George III (ship)
The Wreck of HMS George III, by Knud Bull
|Homeport:||Port of London|
|Fate:||Wrecked, 12 March 1835|
|Tons burthen:||394 tons bm|
|Length:||114 ft (35 m)|
|Beam:||28 ft 3 in (8.61 m)|
|Sail plan:||Full-rigged ship|
George III was a British penal transportation convict ship that was shipwrecked with heavy loss of life during its last voyage when she was transporting convicts from England to the Australian Colonies. She was a full rigged ship of 394 tons on measurements of 114 feet length, 28 feet 3 inches beam, built at Deptford in 1810. The ship was acquired by J. Heathorn and J. Poore in the mid-1830s. She was registered at the Port of London.
George III sailed from Woolwich on 14 December 1834 for Hobart Town, Van Diemen's Land under the command of Captain William Hall-Moxey with a total of 308 persons on board. There were 220 male convicts, plus guards, their families and crew. On 27 January 1835, a fire broke out on board while the ship was nearing the equator. It was extinguished with only great difficulty and all on board were put on reduced rations as the fire had destroyed part of the ship's stores. An unbalanced diet caused an outbreak of scurvy and fourteen convicts died before the ship reached the coast of Van Diemen's Land on the morning of 12 March 1835.
In order to avoid being blown offshore and thus delaying arriving in Hobart Town, the master decided to enter the torturous D'Entrecasteaux Channel between Bruny Island and the Tasmanian mainland. At about 9.15 pm that evening George III hit a rock and over a period of several hours broke up in the heavy swell. The convicts were kept below to allow the women and children to be safely evacuated by the ship's boats. The guards fired their guns in order to quell rising panic; this gunfire is believed to have killed between one and three of the convicts. Many others drowned below decks, including many of the sick in their beds. In all, 133 lives were lost in the disaster, of whom 128 were convicts.
An inquiry refused to ascribe blame for the disaster. The disaster did, however, result in renewed efforts to accurately prepare nautical charts of the Tasmanian coast so that mariners were warned of its many hazards to shipping, and the tightening up of regulations concerning provisions for the transport of convicts.
Local beliefs are that convicts were released into the sea and shot by the ship's officers, "A ten-year-old cabin boy was saved by the captain's wife who hid him under her dress. He was the only convict who survived the wreck." It seems this story is a verbal history artefact conflating various elements such as a lithograph of the wreck. Many former convicts settled in this part of Tasmania and the local legend would have been coloured by their attitudes.
"Forty Juveniles were among the 220 convicts, but the Captain's wife was not on board the ship." More than likely this part of the legend relates to a painting by H. E. Dawes, which was also produced as a lithograph, depicting a soldier's wife, Mrs Martin, heroically described:
"She contrived to secure herself on the forechannel of the ship among the Laniards and although the sea ran mountains high with frost and rain the poor creature was exposed for 48 hours to the weather with two babes suckling at her bosoms and her elder child held between her knees."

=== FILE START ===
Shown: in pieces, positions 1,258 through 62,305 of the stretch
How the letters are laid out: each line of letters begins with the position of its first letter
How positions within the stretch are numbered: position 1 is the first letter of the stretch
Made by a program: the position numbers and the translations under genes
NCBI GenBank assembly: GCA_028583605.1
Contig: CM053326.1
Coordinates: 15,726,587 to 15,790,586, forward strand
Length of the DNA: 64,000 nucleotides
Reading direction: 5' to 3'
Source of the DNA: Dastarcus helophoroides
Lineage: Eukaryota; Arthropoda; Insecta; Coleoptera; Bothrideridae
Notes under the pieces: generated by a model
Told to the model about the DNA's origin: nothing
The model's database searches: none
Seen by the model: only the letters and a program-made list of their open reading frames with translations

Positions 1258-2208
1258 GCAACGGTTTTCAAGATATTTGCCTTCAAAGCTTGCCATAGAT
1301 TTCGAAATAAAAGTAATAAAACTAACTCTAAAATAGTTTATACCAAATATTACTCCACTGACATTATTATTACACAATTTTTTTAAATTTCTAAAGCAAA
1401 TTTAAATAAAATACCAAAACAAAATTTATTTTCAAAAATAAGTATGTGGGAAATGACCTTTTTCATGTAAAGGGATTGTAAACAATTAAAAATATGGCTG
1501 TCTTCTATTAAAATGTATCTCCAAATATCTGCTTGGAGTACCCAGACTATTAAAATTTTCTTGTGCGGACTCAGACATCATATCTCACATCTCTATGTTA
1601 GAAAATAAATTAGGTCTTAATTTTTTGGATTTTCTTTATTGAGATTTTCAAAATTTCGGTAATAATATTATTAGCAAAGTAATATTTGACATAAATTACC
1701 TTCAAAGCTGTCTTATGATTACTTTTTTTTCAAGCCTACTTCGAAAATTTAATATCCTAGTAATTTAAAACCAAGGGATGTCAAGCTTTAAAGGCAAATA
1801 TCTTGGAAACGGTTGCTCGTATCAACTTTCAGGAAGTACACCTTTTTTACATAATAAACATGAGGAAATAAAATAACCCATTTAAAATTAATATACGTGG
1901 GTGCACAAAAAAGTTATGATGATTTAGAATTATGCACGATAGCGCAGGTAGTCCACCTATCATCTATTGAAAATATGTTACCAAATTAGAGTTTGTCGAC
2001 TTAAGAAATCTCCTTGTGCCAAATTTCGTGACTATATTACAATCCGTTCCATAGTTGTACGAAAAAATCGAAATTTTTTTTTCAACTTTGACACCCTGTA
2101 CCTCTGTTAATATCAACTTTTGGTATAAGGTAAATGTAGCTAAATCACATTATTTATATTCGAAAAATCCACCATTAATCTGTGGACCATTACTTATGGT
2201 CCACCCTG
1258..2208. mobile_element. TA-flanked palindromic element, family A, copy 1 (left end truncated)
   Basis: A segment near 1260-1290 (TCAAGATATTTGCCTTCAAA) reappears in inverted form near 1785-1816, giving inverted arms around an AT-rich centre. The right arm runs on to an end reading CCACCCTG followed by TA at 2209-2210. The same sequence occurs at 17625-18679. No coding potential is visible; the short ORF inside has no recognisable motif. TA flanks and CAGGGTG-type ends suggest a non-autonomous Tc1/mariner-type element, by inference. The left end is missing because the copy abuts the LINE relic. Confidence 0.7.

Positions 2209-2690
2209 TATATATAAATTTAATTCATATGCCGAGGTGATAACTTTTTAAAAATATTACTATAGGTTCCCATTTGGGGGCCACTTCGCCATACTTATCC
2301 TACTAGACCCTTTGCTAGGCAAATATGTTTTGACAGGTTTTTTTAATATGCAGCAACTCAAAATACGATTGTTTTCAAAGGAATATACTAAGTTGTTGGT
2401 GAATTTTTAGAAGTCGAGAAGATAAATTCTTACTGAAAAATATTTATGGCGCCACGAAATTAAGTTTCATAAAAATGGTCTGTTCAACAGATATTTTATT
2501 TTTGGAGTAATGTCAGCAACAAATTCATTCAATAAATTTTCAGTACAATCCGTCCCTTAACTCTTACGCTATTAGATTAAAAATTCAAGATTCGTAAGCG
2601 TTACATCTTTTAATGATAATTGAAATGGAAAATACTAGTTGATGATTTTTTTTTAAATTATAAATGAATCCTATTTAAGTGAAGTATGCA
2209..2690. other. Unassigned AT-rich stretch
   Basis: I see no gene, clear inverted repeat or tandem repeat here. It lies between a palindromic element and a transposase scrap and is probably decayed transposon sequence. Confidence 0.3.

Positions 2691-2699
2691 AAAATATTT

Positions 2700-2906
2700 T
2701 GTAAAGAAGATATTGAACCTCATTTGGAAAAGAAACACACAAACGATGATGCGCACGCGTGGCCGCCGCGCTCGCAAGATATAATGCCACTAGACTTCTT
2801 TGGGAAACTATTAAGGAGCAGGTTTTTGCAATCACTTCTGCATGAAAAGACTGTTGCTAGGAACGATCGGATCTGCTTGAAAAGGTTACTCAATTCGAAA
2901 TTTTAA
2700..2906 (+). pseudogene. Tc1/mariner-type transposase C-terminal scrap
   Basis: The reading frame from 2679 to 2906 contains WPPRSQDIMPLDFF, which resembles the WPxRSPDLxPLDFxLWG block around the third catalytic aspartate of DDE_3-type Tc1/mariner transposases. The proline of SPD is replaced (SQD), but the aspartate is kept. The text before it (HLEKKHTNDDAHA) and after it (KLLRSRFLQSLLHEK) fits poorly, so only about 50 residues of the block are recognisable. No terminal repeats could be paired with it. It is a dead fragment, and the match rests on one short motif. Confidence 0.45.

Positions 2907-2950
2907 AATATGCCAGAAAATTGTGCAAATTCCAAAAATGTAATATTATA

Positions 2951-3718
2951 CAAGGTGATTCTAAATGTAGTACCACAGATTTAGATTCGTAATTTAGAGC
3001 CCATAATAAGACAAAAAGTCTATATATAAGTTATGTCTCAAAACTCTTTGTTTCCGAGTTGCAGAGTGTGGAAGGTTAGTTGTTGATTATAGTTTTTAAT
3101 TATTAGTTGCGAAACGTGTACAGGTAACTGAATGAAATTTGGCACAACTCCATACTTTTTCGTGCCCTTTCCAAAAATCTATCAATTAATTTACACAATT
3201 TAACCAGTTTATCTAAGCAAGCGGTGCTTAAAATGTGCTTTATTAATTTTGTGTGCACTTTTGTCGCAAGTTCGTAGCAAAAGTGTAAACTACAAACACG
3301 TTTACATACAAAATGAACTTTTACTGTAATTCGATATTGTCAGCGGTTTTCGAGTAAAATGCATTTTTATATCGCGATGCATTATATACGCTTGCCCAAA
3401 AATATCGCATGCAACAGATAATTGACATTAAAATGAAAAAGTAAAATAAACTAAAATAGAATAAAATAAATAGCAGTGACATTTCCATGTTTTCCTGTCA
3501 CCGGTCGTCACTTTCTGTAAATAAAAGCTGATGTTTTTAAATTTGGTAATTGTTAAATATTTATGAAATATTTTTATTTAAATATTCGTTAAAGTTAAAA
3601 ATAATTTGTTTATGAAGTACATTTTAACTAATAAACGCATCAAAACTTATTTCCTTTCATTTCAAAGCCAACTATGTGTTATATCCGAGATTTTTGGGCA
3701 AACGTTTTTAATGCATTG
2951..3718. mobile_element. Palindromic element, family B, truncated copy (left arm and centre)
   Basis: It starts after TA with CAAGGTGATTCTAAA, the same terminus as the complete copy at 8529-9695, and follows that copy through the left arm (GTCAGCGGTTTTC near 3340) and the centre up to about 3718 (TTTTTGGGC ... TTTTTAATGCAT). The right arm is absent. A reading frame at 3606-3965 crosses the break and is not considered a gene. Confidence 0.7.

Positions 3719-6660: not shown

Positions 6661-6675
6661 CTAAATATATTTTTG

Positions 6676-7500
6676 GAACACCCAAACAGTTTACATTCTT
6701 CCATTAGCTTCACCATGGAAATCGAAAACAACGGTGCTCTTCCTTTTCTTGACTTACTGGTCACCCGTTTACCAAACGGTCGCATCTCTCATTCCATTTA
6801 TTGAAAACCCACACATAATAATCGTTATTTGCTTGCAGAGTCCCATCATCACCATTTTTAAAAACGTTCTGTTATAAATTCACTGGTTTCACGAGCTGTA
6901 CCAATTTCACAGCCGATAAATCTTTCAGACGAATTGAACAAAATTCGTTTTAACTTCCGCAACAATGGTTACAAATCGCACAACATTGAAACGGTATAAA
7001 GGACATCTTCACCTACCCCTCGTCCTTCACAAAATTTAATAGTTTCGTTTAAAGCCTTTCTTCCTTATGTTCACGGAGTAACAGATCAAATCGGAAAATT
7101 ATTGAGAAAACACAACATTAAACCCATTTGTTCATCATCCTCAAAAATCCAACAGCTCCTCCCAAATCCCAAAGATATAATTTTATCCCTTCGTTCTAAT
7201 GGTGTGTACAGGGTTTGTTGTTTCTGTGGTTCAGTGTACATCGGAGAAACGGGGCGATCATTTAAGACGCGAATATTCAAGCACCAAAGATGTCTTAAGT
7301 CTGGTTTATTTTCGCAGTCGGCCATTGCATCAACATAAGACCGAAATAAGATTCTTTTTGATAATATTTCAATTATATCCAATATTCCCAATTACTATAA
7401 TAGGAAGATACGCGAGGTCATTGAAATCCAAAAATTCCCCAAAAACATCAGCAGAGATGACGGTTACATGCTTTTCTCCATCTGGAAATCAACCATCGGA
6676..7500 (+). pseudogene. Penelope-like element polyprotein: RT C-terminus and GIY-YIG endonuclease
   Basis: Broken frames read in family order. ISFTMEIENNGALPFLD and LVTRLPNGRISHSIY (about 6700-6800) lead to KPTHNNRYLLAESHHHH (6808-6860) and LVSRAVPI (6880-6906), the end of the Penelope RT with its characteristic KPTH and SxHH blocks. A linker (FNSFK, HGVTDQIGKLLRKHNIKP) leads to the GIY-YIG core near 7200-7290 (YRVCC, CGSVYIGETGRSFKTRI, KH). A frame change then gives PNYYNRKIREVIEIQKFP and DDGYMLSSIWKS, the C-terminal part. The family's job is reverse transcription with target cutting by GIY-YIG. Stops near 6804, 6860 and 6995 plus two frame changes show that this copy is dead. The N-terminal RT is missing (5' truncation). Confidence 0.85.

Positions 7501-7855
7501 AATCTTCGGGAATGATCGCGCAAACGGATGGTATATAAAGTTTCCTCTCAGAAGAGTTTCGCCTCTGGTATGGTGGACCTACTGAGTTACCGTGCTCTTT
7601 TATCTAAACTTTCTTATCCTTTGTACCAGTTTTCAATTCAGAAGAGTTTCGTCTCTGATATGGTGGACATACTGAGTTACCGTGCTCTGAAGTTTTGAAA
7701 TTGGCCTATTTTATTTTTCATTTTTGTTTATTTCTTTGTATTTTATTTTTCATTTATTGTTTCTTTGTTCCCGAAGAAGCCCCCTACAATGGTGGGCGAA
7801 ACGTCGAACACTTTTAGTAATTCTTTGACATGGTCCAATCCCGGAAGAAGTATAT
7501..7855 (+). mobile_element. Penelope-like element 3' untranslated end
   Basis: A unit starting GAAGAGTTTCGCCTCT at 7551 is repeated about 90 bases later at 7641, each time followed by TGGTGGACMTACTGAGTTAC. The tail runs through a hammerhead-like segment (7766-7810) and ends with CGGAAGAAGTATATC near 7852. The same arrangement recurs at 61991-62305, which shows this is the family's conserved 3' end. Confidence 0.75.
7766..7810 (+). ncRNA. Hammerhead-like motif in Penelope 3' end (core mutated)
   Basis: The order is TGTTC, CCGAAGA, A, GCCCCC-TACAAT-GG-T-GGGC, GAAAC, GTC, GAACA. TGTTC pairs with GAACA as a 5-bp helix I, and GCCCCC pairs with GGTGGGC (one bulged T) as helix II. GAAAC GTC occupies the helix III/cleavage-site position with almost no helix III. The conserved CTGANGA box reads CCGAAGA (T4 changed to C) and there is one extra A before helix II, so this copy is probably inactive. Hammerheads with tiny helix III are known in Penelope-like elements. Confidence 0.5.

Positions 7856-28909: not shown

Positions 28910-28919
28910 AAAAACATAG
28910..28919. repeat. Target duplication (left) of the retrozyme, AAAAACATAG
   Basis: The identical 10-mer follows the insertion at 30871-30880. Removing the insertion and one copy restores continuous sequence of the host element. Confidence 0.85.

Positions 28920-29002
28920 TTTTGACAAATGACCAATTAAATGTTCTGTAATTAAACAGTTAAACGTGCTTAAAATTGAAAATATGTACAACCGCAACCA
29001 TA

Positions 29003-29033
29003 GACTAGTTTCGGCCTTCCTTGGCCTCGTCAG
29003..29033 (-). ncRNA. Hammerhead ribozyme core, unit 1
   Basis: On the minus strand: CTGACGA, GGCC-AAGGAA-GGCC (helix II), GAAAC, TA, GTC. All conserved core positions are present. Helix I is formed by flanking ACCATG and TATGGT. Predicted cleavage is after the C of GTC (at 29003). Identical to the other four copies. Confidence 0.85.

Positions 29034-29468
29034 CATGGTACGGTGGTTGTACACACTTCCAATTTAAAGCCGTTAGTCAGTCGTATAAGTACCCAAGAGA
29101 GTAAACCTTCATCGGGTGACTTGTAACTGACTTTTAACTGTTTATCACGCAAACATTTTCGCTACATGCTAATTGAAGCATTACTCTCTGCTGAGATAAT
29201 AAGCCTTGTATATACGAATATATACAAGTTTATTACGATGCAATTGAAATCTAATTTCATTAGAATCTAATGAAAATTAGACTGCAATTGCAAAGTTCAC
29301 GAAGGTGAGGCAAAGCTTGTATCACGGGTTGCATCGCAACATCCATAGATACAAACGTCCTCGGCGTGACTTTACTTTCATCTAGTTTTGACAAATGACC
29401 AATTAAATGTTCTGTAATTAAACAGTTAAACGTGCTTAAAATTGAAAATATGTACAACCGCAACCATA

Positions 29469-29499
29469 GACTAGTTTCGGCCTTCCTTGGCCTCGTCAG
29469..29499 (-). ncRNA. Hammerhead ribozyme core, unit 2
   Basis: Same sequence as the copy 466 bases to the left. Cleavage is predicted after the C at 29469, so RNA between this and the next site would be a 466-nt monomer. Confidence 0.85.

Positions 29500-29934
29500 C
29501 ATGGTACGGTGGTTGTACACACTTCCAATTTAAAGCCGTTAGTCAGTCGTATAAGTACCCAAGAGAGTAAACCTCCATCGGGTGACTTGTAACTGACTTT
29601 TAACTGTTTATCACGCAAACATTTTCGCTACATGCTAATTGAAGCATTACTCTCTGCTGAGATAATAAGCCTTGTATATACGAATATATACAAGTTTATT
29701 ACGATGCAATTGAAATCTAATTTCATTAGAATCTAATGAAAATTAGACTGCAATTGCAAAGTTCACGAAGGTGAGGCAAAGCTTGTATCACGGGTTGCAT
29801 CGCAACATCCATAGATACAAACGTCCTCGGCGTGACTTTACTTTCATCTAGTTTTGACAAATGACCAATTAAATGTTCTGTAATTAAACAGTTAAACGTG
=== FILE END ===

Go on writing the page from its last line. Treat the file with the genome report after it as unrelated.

The lithograph is also inaccurate in that all the survivors had been rescued by the next morning, rather than "48 hours". George III had been anchored after it hit a submerged rock, the ship was lying on its side in shallow water with the survivors perched on the high side. The ship's longboat made two trips to shore and the schooner Louisa arrived from Hobart Town, alerted by the ship's cutter which had been sent by Captain Moxey to get help. The lithograph, too, is a verbal history artefact with typical melodrama.
The plaque contains the following text:
Convict ship of 308 tons left England
14/12/1834 with 34 crew, 200 convicts
and 29 soldiers of the 50th Regiment.
After 118 days, 16 dead, 60 had scurvy.
Then 10.4.1835 struck submerged rocks
in D'Entrecasteaux Channel, V.D.L.
resulting in the loss of 134 souls.
There is also a tourist sign at Southport which has recently been updated as an Australian Government initiative. Previously a sign here alleged a massacre of convicts by ships officers. The new sign states: "Despite much public disquiet and allegations in the press, an enquiry into the circumstances of the wreck and the alleged shootings failed to prove any wrong-doing".
Another monument is to be found at Southport Bluff, accessible by Ida Bay railway and then a walking path (three hours return). Due to conservation concerns this monument can not currently be visited. 
- Broxam, Graeme. "George III". The Companion to Tasmanian History. Centre for Tasmanian Historical Studies. Retrieved 28 November 2011.
- Griffiths, David R. (9 October 1998). "Tasmanian Shipwreck Legend". Mmnet.com.au. Retrieved 17 May 2014.
- "George III (1835)". seafareresmemorial.org.au. Tasmanian Seafarers Memorial. Retrieved 26 February 2017.
- "George III" (Memorial plaque). Triabunna, Tasmania: Tasmanian Seafarers' Memorial.
- Roe, Michael (2006). An Imperial Disaster, The Wreck of the George the Third. Hobart: Blubber Head Press.